Page  00000001 Substructure Discovery of Symbolic Musical Information using the Minimum Description Length Principle Tang-Chun Li Faculty of Music, McGill University 555 Sherbrooke Street W~est, Montreal, H3A 1E3, Canada litc ~music.mcgill.ca Abstract This paper presents a model for discovery and organization of recurring patterns and substructures in a music piece based on the Minimum Description Length principle. It describes a new system of how to encode, match, and organize a large symbolic musical sequence for patterns and substructures searching in machine recognition of music and music database. 1. Introduction and Related WYorks Music content-based retrieval and machine recognition of music share the same difficulty in organizing and matching musical substructures in a systematic way. Some current content-based retrieval systems are limited to only certain types of music and assume availability of many meta-events types of information. (Chou et. al., 1996) Recent research on machine recognition of music shows that patterns are one of the key elements to the understanding of music. (Simon and Sumner, 1968; McAdams, 1989; Rowe, 1993) Previous research emphasized on induction and recognition of short melodic fragments or motives. (Rowe, 1993; Stammen & Pennycook, 1993; Bakhmutova et. al., 1997) Although these are useful techniques for comparing new input with stored segments, it is not very efficient for representation, organization, and comparison of works in a database. This is because structural organization at the level of the whole piece was not addressed. This paper describes an alternative top-down matching method that reduces the storage size and matching time. Particularly, we emphasize on the preprocessing of input sequence to discover substructures. Later we will show that this preprocessing is also a sequence matching process. The result is a compressed representation that is easy to search at various levels. This on-going research project is based on earlier work on music pattern processing and melodic fragments matching of Pennycook et. al. (1993), Rowe (1993), Stammen & Pennycook (1993), Rowe & Li (1994) and others. In this system, we only deal with symbolic music data that is equivalent to the note concept. An ideal input data format would be the direct translation of a notated score into a MIDI stream played in real-time. This means three things: (1) meta-events information such as tempo, time signature, key signature and others is not required; (2) this system should be able to deal with real-time situation, currently not implemented; (3) normalization including quantization and time shifting is required for real life data. 2. Music Communication and Minimum Description Length Principle Many theories about music describe a reduction process of internal representation during the listening or analyzing stage. Examples are the Western tonal music theory, the Schenkerian analysis, Lerdahl and Jackendoff (1983), and Bingand (1993). In our view, this reduction process can be viewed as a music communication problem. Music communication can be considered as an information communication between a sender and a receiver. The goal is to communicate the structural/syntactic and possibly the semantic information. Assuming only auditory information is available, the complexity of the notes to notes details usually is too high for a listener to cognize. The listener has to engage a parsing system to create an internal structure that is within his maximum manageable complexity or abandons the communication. The best communication then is defined as the one that can describe the observed sequences with the shortest length. The above definition logically follows several independent works in serial pattern research (Simon, 1972; Leeuwenberg, 1971; van der Helm et. al. 1991) and in computational science (Rissanen, 1989; Li & Vitanyi, 1997). In his study of complexity of serial pattern processing, Simon concludes that the complexity of a sequence is the code length. Meanwhile, Leeuwenberg adopts the minimum principle (Hochberg & McAlister, 1953) which states that the preferred interpretation of a pattern is the simplest description of that pattern. The minimum principle is consistent with the Gestalt Psychology. Our system adopts Rissanen's theory (1989) of the Minimum Description Length (MDL) principle. The MDL principle says that the best theory to explain a data set is the theory that has the shortest description. This shortest description includes the length of the theory that explains the observed data, plus the length to encode the data according to the theory. Note that when we apply the MDL principle to a musical sequence, there are two levels of encoding. The first level, or the basic encoding, encodes the musical sequence into a preferable processing format for the MDL principle. The basic encoding is determined by the musical knowledge equipped within the system. A system with domain knowledge will perform better than a system without. The second level is the recursive substructure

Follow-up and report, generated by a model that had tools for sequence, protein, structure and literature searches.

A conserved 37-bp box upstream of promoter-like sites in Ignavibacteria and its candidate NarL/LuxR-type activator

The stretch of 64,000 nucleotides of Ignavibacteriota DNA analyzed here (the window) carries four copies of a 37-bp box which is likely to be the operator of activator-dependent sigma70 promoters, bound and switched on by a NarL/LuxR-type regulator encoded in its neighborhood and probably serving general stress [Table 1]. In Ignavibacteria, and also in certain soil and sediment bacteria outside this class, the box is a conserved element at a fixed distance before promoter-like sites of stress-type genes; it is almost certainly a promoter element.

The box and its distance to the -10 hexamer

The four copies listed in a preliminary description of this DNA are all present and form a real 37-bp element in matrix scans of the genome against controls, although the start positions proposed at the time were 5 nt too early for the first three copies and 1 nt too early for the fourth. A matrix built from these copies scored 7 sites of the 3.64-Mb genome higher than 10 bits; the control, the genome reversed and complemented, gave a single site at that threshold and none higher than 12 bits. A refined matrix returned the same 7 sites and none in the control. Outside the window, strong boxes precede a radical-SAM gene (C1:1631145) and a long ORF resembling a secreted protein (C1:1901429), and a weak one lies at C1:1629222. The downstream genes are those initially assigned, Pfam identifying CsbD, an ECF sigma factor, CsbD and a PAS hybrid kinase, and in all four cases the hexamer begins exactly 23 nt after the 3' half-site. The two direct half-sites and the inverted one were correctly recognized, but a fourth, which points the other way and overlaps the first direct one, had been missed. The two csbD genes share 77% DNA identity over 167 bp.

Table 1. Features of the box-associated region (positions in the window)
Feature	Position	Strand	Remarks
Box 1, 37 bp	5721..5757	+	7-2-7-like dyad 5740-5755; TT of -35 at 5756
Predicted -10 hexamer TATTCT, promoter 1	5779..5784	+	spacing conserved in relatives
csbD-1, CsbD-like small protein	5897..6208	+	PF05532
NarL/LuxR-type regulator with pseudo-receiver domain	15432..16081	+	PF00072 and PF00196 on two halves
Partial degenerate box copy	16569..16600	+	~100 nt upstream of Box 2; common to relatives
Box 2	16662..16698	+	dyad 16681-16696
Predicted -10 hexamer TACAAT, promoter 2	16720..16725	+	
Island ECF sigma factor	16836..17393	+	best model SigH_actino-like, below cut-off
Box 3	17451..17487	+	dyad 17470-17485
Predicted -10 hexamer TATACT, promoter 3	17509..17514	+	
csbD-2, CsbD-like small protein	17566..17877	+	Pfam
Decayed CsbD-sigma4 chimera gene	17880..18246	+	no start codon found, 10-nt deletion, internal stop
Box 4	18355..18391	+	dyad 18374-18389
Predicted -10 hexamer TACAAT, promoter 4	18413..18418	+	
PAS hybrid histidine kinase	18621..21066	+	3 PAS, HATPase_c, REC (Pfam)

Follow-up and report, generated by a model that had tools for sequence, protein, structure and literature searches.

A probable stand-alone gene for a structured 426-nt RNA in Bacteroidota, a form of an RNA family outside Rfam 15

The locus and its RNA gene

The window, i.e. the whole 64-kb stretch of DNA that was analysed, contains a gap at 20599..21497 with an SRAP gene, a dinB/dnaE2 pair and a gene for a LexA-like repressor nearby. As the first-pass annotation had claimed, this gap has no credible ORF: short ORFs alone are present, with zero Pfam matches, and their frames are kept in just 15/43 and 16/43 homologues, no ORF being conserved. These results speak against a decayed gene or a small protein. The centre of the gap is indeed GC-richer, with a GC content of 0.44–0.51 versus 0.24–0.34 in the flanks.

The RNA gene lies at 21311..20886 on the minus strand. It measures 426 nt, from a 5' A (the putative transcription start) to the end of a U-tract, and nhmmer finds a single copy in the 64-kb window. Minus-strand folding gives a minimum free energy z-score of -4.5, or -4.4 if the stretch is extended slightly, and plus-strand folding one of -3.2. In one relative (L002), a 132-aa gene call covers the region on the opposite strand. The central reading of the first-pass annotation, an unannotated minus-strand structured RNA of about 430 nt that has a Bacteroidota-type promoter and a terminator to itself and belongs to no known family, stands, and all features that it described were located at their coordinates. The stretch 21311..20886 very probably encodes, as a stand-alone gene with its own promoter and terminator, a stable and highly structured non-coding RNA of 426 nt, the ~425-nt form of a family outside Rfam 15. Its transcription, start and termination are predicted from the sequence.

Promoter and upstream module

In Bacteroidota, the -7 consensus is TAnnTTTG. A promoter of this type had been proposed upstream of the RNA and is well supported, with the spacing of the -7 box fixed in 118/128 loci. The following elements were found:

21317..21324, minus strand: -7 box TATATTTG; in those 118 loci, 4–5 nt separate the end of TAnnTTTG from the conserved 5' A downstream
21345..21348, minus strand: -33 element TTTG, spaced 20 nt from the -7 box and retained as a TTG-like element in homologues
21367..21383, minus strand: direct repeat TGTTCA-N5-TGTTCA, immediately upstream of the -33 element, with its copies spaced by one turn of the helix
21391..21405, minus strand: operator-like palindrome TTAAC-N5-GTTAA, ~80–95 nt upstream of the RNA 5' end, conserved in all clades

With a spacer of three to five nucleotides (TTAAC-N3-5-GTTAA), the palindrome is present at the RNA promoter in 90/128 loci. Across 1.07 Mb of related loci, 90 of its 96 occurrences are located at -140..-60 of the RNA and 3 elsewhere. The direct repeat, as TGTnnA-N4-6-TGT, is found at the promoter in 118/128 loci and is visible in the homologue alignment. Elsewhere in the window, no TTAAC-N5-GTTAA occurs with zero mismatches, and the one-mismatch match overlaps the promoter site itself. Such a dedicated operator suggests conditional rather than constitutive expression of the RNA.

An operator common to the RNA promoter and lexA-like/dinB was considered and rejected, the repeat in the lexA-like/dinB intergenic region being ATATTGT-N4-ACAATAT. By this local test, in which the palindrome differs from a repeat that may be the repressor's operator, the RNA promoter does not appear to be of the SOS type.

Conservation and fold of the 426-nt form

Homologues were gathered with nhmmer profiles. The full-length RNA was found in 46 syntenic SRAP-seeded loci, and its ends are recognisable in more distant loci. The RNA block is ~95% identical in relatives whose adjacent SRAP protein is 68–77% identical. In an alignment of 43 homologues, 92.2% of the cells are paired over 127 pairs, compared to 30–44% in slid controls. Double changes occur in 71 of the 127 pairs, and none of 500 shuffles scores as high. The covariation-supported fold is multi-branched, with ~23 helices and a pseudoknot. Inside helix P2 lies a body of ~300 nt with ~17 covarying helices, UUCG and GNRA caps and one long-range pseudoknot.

Page  00000002 discovery due to the MDL principle directly. Music knowledge can also be used to assist the MDL matching to induce high-level substructures. In this paper, we focus on the second level of encoding and assume that we have the same musical knowledge for all input pieces. 3. System Overview The following assumptions are adopted for the system's operations: (1) The input music itself is a congruent entity in which the progression should be consistent within itself. (2) Input sequence consists at least the notes information. Meta-events information is assumed to be unavailable. (3) All values of any parameters used in the basic encoding are within a fixed range. For example, all intervals fall into the range of {-24, 24}. There are three types of databases for patterns and segments separately. All symbols used at the level of the basic encoding are simple (or terminal) symbols. Any new symbol corresponding to a pattern is a compound (or nonterminal) symbol. Patterns or segments in the basic database consist of only simple symbols. In the mixed database they consist of both simple and compound symbols. In the symbol database they consist of only compound symbols. Patterns in databases are linked to their direct superset patterns or segments. The system operates in three stages. In the normalization and basic encoding stage, the input sequence is normalized, segmented, separated, and encoded into a vector or a matrix of symbols. Normalization refers to the quantization of note duration and time shifting to synchronize with time unit grid. Related research is discussed in (Desain and Honing, 1994). Here we adopt the approach in (Pennycook et. al., 1993). Segmentation at this stage is based on gaps of rest(s). A further refinement is in next stage. Pattern matching and searching starts sequences for one instrument first. When many channels are squeezed into one track (such as MIDI file Format 0), a separation task is required. Finally, each segment is encoded as a string of unique symbols. These symbols correspond to the intervals and other tokens in the segment. In the next segment induction stage, each segment is divided into finer segments by applying a revised version of the Segmenter algorithm implemented in (Pennycook et. al., 1993). This program also follows the Grouping Preference Rules in (Lerdahl and Jackendoff, 1983). The last stage is the preprocess-match stage. While preprocessing the input sequence, the program also searches for all potential patterns. It can split into two steps: (1) match and substitute with the pattern and segment databases; (2) scan segment for internal patterns at last. The program first matches patterns in the basic database, then stores or substitutes them as new or previously stored symbol. When an existing pattern is found, it then matches with the direct superset patterns/segments until either a match is found or all patterns/segments are exhausted. If a pattern is found, then this new segment is replaced by the symbol of the pattern. If a segment is found, then this segment is registered as a pattern and assigned a symbol. After matching with the database, the program scans the input segment for its internal patterns. Eventually, if the program finds nothing, the segment is registered as a segment in one of the three segment databases. When the preprocessings for all instrumental lines (in horizontal direction) are done, then a vertical grouping and substructure discovery is applied. Vertical grouping is determined by synchronized root notes of segments in all lines. Groups created by the vertical grouping are called basic groups. Each basic group is considered an atomic unit. Member segments from different lines in a basic group are overlapping with each other. For this reason, matching among basic groups is to compare them in entirety. The final output is a maximally compressed network (or tilted tree) of symbols. After the preprocessing of all pieces in the database, any two musical works in the database can be compared in a top-down manner. Lower level symbols are compared only when necessary. 4. Minimum Description Length Encoding of a Music Segment The system encodes the following basic information: channel, pitch, velocity, duration, start time, and end time. All other information is inferred from the input data. Meta-events information is not used. Principles of encoding: (1) Pl. Prefer no information lost during the encoding unless P2. (2) P2. When one object is identified cognitively as the same as another object even though they are not entirely the same, we can substitute one with the other. Since the encoded sequence will be used to represent the symbolic sequence of a musical input such as a MIDI file, information should be preserved as much as possible so that a cognitively equivalent version of the original can be restored. For example, a live performance piece in MIDI stream will lose some of the timing information after the basic encoding process, but the restored one should be equivalent to the version notated in the score. Encoding rules for a monophonic line: (1) Ri. An alphabet of unique symbols is used to encode all values in all parameters. Each symbol has a constant cost, u bits in length. These symbols have precedence relations. However, only those that are used to encode melodic intervals and velocity parameters will use their precedence relations. We can think of them as positive and negative integers. (2) R2. The start note of the piece has a relative